George Dole, the minister at Mom’s Memorial Service is a family friend, someone who has known my mother his whole life. Although George never ran in the Olympics, in 1954, while attending Oxford as a graduate student, he had his own athletic moment. George was a distance runner, and, on a spring day nearly sixty years ago, he, along with several other participants, lined up at the Oxford track to compete in the Mile, a race that will be etched in our minds as the most famous mile ever. George came in fifth with a respectable time. Another man, a young British runner, however, flew through the finish line, smashing a barrier that had seemed impenetrable. It was the race in which Roger Bannister broke the four-minute mile. And it must have been exhilarating, the moments that followed, for the runners, for the fans in the stands, for the whole world as people realized the impossible had become the possible. I’m sure that it was exciting for George, too; he lights up when you ask him about it. However, I never even knew to ask him about it, until Pete, our son, took off on his own distance running journey. When Pete began shattering records in high school, it was my Uncle John, Mom’s younger brother, who told me about George’s infamous race. Since my childhood, I had known George as a scholar, theologian, translator, and a sweet family friend with a toothy smile and a twinkle in his eye. I don’t think he brushed away the thrill of that record-shattering day; I think he soaked it in. And then I think he moved on to other glorious moments, moved on with the things that he loves, with his scholarly pursuits, with his family life, with his running. George, in his eighties now, is still running, careful jaunts around the streets of his coastal town in Maine. His legs may have slowed down, but his spirit, filled with enthusiasm, is strong.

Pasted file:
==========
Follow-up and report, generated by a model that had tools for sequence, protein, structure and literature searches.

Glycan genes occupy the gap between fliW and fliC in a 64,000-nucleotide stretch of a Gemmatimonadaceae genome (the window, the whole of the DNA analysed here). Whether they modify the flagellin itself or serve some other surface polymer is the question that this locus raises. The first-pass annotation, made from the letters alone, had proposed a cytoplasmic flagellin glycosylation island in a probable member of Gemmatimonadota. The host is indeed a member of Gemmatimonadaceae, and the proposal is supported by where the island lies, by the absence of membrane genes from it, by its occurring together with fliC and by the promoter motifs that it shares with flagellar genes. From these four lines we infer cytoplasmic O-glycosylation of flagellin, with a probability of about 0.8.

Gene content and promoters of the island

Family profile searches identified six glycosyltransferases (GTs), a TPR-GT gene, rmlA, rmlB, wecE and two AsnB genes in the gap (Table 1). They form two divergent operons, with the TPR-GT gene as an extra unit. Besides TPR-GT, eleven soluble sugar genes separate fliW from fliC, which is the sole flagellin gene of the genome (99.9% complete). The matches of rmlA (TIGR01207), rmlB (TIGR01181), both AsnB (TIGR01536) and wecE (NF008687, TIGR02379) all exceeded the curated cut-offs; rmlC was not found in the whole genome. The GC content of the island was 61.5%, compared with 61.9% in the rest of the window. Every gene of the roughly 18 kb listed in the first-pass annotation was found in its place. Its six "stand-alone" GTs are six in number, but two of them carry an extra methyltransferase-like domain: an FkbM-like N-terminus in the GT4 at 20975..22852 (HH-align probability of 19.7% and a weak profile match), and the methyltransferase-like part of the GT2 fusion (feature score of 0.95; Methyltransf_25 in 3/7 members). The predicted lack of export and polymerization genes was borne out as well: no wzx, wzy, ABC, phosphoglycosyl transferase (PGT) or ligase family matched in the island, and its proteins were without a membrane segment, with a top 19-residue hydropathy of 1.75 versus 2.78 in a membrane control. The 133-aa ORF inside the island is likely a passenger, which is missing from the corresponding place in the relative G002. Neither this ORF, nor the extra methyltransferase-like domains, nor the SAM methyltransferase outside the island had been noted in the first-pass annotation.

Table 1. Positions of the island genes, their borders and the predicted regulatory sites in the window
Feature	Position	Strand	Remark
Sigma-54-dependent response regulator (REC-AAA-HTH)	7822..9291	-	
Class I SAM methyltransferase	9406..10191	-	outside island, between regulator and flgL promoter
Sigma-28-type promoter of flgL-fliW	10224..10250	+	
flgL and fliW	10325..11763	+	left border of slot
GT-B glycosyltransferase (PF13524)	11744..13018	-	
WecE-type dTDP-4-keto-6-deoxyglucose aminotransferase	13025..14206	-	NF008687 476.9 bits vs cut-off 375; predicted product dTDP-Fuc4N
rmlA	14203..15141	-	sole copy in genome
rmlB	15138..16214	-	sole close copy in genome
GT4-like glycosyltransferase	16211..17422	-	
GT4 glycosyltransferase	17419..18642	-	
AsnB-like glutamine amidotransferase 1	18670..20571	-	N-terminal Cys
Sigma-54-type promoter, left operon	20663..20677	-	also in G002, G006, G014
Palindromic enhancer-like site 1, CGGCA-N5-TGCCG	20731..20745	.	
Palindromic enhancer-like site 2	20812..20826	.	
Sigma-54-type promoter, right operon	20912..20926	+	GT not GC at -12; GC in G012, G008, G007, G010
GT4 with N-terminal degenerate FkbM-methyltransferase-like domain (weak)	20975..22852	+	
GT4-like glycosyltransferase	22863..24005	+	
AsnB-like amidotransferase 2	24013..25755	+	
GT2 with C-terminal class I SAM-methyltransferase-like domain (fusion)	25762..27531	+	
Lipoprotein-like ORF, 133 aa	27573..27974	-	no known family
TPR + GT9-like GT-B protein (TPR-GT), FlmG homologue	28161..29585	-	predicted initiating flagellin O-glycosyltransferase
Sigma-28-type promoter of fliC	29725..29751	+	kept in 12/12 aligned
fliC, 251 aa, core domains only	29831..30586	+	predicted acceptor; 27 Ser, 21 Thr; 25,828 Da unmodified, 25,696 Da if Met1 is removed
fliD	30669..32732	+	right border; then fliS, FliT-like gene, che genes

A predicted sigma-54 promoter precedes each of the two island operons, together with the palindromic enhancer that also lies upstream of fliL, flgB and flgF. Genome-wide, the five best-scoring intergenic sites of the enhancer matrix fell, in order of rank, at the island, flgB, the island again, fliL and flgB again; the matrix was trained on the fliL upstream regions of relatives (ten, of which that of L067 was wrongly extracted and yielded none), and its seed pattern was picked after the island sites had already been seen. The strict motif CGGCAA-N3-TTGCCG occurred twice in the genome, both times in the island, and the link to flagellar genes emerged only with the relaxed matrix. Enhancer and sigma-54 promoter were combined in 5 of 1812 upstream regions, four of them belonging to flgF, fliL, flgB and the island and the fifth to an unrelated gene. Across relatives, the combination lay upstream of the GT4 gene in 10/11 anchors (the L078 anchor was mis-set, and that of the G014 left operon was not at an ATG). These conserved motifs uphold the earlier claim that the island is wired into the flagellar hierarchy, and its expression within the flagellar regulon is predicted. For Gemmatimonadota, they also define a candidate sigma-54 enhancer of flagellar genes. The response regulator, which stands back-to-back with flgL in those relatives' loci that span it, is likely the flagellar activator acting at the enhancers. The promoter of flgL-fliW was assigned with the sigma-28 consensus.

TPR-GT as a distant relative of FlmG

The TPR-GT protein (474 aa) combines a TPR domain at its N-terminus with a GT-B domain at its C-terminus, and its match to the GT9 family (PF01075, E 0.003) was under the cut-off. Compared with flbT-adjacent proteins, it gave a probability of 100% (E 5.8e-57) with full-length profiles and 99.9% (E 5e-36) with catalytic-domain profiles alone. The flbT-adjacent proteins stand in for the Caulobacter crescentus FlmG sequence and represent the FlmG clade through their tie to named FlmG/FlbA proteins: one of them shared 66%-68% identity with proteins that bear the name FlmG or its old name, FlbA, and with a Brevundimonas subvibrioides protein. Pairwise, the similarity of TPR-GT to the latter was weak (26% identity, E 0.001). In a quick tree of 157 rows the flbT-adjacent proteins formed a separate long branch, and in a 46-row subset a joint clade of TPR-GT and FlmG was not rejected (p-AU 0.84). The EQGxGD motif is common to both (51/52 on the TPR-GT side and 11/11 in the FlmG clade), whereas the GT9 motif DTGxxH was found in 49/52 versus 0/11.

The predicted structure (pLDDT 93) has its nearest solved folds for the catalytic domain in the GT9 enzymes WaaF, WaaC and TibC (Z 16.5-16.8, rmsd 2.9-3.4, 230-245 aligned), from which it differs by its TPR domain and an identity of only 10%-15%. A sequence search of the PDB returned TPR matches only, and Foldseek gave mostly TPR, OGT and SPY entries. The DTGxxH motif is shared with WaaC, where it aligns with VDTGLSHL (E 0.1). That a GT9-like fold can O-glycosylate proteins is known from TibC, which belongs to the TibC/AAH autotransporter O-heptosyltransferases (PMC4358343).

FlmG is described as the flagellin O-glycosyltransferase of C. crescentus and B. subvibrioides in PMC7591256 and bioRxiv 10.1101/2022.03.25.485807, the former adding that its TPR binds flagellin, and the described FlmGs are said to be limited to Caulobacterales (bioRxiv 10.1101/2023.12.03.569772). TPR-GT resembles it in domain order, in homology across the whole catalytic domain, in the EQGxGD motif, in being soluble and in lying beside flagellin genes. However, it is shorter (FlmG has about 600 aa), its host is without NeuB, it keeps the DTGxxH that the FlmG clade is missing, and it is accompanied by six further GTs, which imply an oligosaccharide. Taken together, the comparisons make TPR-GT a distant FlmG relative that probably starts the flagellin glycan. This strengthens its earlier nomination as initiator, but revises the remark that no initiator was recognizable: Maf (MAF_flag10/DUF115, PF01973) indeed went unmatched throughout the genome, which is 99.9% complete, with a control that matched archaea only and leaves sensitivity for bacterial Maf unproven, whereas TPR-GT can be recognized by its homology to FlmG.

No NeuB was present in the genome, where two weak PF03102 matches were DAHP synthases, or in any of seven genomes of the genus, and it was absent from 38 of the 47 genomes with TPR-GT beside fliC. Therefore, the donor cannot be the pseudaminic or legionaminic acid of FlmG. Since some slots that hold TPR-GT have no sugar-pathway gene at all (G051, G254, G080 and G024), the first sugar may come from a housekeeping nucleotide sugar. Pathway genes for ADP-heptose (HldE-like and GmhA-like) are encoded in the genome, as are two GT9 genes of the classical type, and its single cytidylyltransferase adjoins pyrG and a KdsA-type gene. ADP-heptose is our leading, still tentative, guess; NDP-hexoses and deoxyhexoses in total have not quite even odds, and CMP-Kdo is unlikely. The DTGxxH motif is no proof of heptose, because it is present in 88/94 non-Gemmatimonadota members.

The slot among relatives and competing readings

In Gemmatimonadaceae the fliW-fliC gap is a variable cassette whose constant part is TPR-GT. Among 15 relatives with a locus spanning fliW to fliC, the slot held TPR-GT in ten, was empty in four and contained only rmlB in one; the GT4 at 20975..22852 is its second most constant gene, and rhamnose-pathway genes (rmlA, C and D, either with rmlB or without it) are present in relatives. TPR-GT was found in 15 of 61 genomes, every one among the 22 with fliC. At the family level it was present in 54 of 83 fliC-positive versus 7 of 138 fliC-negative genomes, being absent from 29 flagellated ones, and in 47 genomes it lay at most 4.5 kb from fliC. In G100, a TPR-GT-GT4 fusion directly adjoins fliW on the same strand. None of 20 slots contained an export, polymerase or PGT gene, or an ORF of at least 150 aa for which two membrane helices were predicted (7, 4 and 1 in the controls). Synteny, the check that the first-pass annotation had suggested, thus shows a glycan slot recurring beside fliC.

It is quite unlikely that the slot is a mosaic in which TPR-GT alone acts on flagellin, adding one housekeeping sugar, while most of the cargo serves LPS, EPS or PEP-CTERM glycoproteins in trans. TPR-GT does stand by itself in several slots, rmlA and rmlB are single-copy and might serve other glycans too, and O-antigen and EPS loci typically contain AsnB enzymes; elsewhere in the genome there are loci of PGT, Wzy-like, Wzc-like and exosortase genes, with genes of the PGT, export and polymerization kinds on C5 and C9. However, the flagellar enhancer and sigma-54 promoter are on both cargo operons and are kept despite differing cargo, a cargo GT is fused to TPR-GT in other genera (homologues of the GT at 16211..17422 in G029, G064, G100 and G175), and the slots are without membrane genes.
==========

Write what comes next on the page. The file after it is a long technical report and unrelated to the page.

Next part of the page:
And in the short sermon that George shared with the congregation at Mom’s service, he addressed this issue of bodies slowing down as we get older, how this can be distressing for those who hold tight to the past, to the youthful vigor of an unlined face and a hundred-yard dash. To go the distance, the whole nine yards, to live a long and fruitful life, he reminded us, we need not only to honor these bodies, this flesh and bone matter we house ourselves in; we also need to cultivate our inner life, the life of our spirit, the life that is eternally young, that lights up this matter no matter what our age. It was a perfect sermon for my mother whose laugh became brighter as she grew older and perfect for me as I find myself in my mid-fifties eager for more and more light and delight and perfect for my sons who are still filled with youthful vigor. And, later, when people were telling stories, my cousin, Greg, stood up and shared a memory. Greg’s father, Gordon, was my mother’s first cousin, and, born a year apart, they were best friends. He moved to Florida as an adult and he and his wife, Janet, raised Greg and his siblings there. So, although, I only knew Gordon through stories, my mother kept in touch, traveling to Florida with my Aunt Nancy for six weeks each winter during her later years. Greg shared how my mother, after one of her many strokes in her late eighties and walking wobbly with her cane, and Gordon, beside her, after the brain tumor and blind in one eye, also wobbly, locked hands and laughed. “I don’t feel old. I don’t feel old at all! Do you?!?”
So there you have it. We’re all Olympians! Gordon and my mother shared a gold medal moment! And Pete, after the service, visited with George — both scholars, who have studied at Oxford, both runners who have had their moments of glory, one in his early thirties, one in his eighties. I know they talked about that race where Bannister broke the four-minute mile. And why not?!? We bring those exhilarating peak moments into the present when we remember and share. We feel them again. And then we move on to the next moment and a new opportunity to light up and shine.